Being secure online is important for everyone. Your website can enable a feature called HTTPS which encrypts your data making it secure. But HTTPS is not enabled by default. Read on for details of what is involved and what you need.
In the world of computer science HTTPS is a secure communication protocol for a computer network. This means when you visit a website where HTTPS is enabled, all communication to and from it is encrypted.
You can tell if a website has HTTPS enabled as the browser will show a padlock icon in the address bar.
And anything you do on those pages is also encrypted. Enter your credit card details? Encrypted. Login with your email address and password? Encrypted. Search for a product you want to buy? Encrypted.
Historically this is what HTTPS was intended for; encrypt sensitive information like passwords and credit card numbers.
More recently HTTPS is being viewed as beneficial in its own right. Google in particular are on a mission to force the use of HTTPS. Their aim is to eventually display a Not Secure tag for all HTTP websites.
Yes. And not just enabled, but paid for too. This is the part that Google doesn't tell you.
HTTPS works by using security certificates often referred to as SSL certificates. These certificates are issued by the imaginatively named Certificate Authorities.
The Certificate Authorities charge for each certificate and like a domain, it has to be renewed every year. The price of an SSL certificate can vary wildly, but expect to pay anywhere up to £100.
In theory you can shop around. But in practice which authority you use is controlled by the web host. More often than not they only allow you to use their chosen provider.
There are few problems when enabling HTTPS; however an issue can occur called “mixed content”. Mixed content does not stop the website from working, but the browser can show a small error next to the padlock.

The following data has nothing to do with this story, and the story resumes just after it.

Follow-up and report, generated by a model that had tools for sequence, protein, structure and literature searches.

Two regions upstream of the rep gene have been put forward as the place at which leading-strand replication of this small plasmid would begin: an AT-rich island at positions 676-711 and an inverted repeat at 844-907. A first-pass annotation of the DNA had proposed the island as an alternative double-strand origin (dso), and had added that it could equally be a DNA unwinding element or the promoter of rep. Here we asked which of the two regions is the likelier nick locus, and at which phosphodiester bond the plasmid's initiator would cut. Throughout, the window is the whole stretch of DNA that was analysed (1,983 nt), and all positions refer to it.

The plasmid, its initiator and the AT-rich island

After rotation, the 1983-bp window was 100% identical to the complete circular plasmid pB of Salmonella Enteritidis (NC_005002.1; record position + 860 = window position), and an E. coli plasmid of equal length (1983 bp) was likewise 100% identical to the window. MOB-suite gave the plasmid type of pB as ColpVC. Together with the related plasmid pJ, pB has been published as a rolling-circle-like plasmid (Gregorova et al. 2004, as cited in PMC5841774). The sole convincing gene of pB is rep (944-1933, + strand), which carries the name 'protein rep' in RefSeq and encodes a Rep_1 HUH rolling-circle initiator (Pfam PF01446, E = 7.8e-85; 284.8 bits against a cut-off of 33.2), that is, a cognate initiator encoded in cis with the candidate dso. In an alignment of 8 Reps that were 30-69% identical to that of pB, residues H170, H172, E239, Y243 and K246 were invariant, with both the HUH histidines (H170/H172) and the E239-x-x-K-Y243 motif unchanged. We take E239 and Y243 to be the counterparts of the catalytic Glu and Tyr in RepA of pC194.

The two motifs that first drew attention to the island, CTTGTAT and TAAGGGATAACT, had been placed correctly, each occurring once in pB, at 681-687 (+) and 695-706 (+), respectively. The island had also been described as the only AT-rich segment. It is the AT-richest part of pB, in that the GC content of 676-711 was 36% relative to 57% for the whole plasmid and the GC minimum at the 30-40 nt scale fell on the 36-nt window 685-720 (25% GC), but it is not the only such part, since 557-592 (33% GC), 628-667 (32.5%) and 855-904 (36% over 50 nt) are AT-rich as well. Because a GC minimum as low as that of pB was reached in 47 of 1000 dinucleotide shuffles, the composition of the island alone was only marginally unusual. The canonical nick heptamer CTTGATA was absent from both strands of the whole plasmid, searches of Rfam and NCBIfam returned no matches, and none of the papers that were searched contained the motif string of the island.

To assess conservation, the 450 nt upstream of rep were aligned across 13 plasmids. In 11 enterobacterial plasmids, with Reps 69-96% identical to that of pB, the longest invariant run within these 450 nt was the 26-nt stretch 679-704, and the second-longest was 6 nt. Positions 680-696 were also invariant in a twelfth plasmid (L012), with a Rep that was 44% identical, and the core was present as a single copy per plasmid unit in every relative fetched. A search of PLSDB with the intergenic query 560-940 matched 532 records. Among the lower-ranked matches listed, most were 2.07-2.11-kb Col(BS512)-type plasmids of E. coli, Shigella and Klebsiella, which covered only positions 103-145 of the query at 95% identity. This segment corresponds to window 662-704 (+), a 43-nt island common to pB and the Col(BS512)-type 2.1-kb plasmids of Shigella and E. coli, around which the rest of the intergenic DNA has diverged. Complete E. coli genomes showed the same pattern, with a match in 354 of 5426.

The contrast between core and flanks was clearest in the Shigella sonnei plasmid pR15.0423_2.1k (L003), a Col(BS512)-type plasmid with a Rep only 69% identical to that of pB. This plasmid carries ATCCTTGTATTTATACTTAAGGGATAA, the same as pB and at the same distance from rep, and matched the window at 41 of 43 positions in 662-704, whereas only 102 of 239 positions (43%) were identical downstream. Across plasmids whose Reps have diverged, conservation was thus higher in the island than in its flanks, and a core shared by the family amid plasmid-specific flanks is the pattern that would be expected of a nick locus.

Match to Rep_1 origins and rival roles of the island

Mixed content occurs when a link uses an absolute URL that includes
http:// in that URL. The fix is thankfully simple. Replace the absolute URLs with relative URLs that omit
The best way to find them all is use browser developer tools and load the website with the network tab open. Here you can check each individual request.
An SSL certificate is for an individual domain only. For example
bluehousedesign.co.uk. But if we had a subdomain such as
support.bluehousedesign.co.uk we would need to purchase two certificates.
Confusingly most SSL certificates are valid for
bluehousedesign.co.uk even though
www. is a subdomain. However it is worth double-checking with the web host as this may not be the case.
To make matters more complex there are also different types of SSL certificate. You can get so called Extended, Wildcard and Multi-domain certificates.
These versions do not provide anything different in terms of encryption compared to a standard SSL certificate. So why do they exist? The main reason is for some very specific use cases. Wildcard certificates are for websites that have several subdomains.
The cost of these SSL certificates also increases rapidly. Often three, five or ten times the cost of the standard SSL certificate.
For most businesses with a single company website the standard SSL certificate is enough.